In honor of Beloved, I’m giving away a complimentary session and framed 8×10 print to one couple. Any couple. Maybe you’ve been married for two years. Maybe you’ve been married for fifty.

To enter, just like Allie Siarto Photography on Facebook and post any photo of the two of you. Every additional “like” your image receives on Facebook gives you another entry into the random drawing. I’ll announce the winning couple on May 3.

Because my business is based in East Lansing, the winning shoot will take place in the Greater Lansing area.


A Memory Box

I’m smitten. When I was out in Vegas this past February for WPPI, a convention for professional photographers, I spent a lot of time walking the trade show floor looking for amazing products to offer my clients. One particular product that I kept coming back to was this custom image box. I love the sophistication of this box—the satin feel, the crisp magnetic close and the ribbon detail. I’m also a fan of flipping through the loose photos—it’s a nostalgic feeling to go through each image one by one.

I am SO excited to add this box with a set of proofs to my list of products for both weddings and lifestyle sessions. As much as I believe in having some form of digital images to share with friends online, the detail and color of professional prints just cannot be beat.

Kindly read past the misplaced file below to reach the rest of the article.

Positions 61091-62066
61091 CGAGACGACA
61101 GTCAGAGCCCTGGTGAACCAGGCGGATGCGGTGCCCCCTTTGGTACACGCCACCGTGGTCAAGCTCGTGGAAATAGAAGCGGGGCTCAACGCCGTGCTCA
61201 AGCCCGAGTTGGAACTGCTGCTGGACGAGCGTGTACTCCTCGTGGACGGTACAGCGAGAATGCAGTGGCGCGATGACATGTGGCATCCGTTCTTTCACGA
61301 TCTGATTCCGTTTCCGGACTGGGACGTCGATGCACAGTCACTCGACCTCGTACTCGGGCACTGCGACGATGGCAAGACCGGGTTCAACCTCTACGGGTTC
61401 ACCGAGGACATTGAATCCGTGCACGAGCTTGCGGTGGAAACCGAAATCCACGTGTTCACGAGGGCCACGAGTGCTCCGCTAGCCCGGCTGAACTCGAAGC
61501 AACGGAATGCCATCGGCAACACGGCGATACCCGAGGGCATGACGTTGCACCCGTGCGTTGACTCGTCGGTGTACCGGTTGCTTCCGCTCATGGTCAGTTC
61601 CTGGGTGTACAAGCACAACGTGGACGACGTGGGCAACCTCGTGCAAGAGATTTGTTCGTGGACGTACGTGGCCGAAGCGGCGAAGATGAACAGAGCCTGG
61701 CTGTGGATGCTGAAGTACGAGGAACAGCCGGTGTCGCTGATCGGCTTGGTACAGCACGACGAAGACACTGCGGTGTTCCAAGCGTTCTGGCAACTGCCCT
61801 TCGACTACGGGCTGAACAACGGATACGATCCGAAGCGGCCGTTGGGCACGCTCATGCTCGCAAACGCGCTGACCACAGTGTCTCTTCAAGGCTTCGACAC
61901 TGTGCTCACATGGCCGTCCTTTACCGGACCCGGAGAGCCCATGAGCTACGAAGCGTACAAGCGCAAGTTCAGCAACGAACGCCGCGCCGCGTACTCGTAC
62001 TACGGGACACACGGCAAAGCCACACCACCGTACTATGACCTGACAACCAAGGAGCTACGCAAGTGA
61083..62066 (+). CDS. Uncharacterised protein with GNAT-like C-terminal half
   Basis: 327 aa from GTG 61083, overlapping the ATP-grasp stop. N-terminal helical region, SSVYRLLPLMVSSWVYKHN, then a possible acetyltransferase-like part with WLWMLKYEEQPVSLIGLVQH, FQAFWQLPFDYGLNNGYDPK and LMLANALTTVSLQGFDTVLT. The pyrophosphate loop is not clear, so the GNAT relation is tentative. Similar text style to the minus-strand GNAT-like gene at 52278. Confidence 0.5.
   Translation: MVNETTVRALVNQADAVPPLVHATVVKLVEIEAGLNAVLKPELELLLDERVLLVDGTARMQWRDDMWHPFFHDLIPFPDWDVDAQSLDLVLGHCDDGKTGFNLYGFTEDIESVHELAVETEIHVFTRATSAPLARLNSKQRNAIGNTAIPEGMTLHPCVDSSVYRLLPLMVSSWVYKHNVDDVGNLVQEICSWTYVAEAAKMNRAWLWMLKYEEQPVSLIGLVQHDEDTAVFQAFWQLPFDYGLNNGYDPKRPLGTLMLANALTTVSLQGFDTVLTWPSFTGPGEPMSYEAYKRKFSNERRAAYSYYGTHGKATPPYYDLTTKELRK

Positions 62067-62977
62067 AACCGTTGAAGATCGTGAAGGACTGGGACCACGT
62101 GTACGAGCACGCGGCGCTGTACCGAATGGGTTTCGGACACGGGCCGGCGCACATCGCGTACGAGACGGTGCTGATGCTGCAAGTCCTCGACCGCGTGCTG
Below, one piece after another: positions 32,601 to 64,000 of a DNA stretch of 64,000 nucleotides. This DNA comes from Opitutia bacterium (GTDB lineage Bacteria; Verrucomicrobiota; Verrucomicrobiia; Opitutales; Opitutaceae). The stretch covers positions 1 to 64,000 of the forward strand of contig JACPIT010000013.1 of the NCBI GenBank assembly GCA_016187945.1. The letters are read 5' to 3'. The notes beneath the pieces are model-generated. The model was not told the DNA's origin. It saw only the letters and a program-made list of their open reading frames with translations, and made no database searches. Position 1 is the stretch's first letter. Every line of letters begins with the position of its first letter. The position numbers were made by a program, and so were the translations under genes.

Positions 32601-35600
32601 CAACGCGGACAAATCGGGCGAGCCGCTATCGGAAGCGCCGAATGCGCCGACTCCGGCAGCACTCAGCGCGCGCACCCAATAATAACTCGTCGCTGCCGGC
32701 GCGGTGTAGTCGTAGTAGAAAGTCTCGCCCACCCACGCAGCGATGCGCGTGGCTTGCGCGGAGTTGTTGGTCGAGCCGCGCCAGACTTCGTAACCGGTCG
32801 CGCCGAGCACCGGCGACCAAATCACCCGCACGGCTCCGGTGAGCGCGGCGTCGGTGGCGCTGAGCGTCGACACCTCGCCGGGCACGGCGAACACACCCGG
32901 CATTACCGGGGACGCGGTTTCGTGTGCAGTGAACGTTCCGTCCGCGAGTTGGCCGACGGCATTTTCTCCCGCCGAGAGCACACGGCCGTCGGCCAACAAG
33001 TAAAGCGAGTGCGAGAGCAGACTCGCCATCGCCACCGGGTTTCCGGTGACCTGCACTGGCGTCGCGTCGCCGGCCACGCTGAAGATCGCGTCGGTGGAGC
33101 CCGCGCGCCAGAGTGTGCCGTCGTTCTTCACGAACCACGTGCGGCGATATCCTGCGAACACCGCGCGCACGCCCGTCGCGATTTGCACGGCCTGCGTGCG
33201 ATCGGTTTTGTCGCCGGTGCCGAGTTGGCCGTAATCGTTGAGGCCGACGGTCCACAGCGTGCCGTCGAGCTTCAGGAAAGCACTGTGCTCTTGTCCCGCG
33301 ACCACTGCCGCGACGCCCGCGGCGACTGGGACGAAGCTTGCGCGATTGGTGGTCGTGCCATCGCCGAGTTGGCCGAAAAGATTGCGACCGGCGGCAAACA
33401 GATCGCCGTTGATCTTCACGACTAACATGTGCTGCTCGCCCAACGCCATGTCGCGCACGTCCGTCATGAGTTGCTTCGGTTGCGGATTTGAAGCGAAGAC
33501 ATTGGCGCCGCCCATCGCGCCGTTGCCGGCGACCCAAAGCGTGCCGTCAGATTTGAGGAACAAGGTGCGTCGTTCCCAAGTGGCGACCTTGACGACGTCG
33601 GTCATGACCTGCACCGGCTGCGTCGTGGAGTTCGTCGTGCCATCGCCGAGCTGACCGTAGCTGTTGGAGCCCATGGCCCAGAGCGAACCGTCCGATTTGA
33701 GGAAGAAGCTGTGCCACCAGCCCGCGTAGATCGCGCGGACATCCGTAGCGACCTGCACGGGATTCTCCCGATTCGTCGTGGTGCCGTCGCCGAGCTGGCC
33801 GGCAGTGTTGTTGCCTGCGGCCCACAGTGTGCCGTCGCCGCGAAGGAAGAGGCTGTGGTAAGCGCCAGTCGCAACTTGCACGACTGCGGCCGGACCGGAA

Memory box and spine

Memory box front by Allie Siarto, Lansing Wedding Photographer

Memory book spine from mpixpro

Back of memory box by Allie Siarto, Lansing Wedding Photographer

Memory box inside, created by Allie Siarto, Lansing Wedding Photographer

Choose between a set of proofs (above) or a select number of mounted prints (below). These are mounted on 1/8″ matboard to provide an extra sturdy back ensure the longevity of the print.

Mounted Print by Allie Siarto, Lansing Wedding Photographer

Close up of mounted print by Allie Siarto, Lansing Wedding Photographer

Assortment of printed proofs from Allie Siarto, Lansing wedding photographer

Printed proofs by Allie Siarto, Lansing Wedding Photographer

Self Portraits and the Power of Vulnerability

Remember when I told you that I was going to make an effort to take more self portraits? I’m finally trying to do just that. The more I can become familiar with the vulnerability of being in front of the camera, the better I connect from behind the camera. And ultimately, I’m learning that there’s a great power in vulnerability. In fact, if you can find 20 minutes to spare, I highly recommend this TED talk called The Power of Vulnerability. I find it absolutely fascinating.

Self Portraits by Allie Siarto, Lansing Wedding Photographers